With more diverse talent joining the profession, then comes the inclusion aspect of DEI, Ellis says. She helps ensure that planners and staff at her firm are culturally informed and address biases in order to “build with intention a company culture that is supportive of everyone.”

Her role at Ballentine also gives her some creative freedom: she also hosts a podcast focusing on DEI and financial education. The brainchild of Ellis and her manager, ‘‘Ballentine Broadcast: Conversations on Black Wealth” seeks to explore how wealthy Black families are being served in the financial space. Listeners hear from Black millionaires and 7+ figure business owners about their wealth building journeys, experiences working with financial professionals, and their thoughts on what the financial services industry can do to help close the racial wealth gap, which directly aligns with Ellis’ priority of helping to build economic equity. 


Ellis has created a unique role within the financial services industry that keeps her quite busy, yet believes in making time to serve as a mentor to others entering the field. She remains dedicated to this work, due in large part to the mentors that opened themselves up to her. Whether it was through mentors she met through the National Association of Personal Financial Advisors (NAFPA), the Association of African American Financial Advisors (AAAA), her role as a CFP Board Ambassador, or within her company, Ellis is grateful for the knowledge she’s gained from others.

And now, Ellis happily takes on that role herself. “Mentoring is one of my favorite things to do,” Ellis reflects. “Lots of Black women find me, and I especially love being a resource for them.”


Significantly, Ellis’ interest in enabling economic equity doesn’t end when she clocks out at Ballentine each day. Since 2018, Ellis and her husband have been educating others via their own financial planning channel on YouTube, “The Bemused: Making Sense of Money.” Reflecting on the time when she had no one in her community to turn to for financial advice, “The Bemused” became a way to share what they knew with their peers. The couple is transparent with their viewers about their financial journey—even going line by line through their home purchase experience to act as an example for their viewers. “We feel like it’s a way for people to relate,” she says. “If we don’t talk, we can’t learn.”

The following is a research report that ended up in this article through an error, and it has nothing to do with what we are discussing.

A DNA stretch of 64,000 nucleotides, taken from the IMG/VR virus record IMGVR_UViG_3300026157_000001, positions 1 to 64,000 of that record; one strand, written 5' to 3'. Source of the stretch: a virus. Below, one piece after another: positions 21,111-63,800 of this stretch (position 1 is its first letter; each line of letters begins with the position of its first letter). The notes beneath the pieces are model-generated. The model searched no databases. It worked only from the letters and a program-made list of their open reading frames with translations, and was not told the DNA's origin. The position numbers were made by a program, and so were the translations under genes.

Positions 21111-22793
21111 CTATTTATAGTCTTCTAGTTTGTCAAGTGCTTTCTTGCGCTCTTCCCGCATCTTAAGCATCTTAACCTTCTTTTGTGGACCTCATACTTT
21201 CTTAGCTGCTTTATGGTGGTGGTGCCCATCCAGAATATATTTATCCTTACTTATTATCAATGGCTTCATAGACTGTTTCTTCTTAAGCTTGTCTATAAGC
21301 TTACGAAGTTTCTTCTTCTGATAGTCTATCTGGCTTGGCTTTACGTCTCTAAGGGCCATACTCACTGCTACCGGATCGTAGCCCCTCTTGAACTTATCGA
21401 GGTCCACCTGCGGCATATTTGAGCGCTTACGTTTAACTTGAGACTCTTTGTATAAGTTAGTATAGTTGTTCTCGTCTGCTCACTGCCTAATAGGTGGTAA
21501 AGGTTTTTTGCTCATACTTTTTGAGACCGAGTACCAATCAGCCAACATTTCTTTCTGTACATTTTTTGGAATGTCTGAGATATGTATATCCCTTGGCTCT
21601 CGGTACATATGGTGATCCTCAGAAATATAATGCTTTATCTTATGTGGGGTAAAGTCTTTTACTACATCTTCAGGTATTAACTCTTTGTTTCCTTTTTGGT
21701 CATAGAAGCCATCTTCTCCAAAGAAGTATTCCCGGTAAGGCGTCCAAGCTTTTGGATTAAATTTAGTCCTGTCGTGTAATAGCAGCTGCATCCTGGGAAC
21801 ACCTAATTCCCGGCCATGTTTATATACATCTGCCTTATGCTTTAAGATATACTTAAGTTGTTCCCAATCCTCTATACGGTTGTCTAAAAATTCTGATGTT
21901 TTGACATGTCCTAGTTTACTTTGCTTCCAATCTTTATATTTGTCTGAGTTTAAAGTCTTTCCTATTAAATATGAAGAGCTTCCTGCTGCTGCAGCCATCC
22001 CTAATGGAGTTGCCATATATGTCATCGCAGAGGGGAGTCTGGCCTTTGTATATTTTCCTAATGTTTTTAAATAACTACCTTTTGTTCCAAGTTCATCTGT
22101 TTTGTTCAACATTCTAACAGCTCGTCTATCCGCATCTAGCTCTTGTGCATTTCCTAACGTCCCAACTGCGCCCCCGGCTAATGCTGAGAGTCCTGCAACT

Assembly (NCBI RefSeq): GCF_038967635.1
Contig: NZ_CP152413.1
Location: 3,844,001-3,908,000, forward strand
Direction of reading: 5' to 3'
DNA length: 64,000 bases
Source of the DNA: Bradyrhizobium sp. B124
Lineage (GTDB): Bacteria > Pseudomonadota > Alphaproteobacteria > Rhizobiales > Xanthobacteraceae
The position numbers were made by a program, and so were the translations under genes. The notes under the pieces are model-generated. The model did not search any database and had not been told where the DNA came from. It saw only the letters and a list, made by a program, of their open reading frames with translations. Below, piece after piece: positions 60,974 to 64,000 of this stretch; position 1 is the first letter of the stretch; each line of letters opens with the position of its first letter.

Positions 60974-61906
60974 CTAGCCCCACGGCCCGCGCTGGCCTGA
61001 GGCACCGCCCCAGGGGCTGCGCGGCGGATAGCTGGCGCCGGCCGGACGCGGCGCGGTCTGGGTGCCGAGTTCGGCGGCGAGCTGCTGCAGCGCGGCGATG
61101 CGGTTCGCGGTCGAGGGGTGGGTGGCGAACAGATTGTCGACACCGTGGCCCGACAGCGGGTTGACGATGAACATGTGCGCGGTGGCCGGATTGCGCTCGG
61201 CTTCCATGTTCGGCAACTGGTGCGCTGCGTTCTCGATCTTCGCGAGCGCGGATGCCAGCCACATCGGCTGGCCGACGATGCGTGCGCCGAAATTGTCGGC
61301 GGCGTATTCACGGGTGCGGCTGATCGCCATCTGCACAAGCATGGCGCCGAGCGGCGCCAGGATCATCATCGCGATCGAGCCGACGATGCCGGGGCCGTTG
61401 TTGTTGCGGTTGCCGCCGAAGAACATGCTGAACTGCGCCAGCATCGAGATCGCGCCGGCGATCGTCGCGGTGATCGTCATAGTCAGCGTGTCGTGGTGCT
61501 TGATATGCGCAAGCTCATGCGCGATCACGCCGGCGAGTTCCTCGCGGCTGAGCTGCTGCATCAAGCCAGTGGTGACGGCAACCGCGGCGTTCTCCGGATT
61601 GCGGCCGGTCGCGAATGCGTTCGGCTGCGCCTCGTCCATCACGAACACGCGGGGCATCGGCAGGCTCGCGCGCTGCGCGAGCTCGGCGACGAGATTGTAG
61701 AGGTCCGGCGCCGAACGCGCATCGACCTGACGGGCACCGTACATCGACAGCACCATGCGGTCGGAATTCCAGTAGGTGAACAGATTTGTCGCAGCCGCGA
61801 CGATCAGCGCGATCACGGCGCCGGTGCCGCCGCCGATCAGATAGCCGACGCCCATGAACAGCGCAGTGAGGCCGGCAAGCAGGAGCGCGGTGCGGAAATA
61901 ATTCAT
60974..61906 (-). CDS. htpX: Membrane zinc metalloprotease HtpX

Ellis’ enthusiasm for financial planning and education has allowed her to craft a unique role for herself within the industry, and she encourages other women to find their own ways to make an impact in the field. She advises others who are trying to figure out their niche or business model to have conversations with people who work in all different areas. “Hear their stories, learn about pros and cons. Everybody’s path is going to be different,” she says.

Ellis’ lightbulb moment while filling out the FAFSA all those years ago has led her to a fulfilling professional life. While at the time she likely never envisioned the future she has now created for herself, Ellis feels fortunate to have realized her “life’s calling to promote economic equity, justice, and empowerment,” and to have created a job that so perfectly combines her skills and passions in a way that can positively impact others—and she encourages others to do the same.

“There is so much opportunity if you go looking for it and ask for it,” she shared. “Don’t be afraid to ask.”

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About Women Advisors Making an Impact

Vantage Impact knows the importance of diversity in the financial services industry, and that women are vastly underrepresented in the field. To help increase the visibility of women in financial services, we are excited to launch Women Advisors Making an Impact. In this collection of articles, we are spotlighting women financial advisors—their career paths, biggest challenges as women in the field, and ideas for helping grow female representation in the financial services industry. We hope you enjoy their stories as much as we do.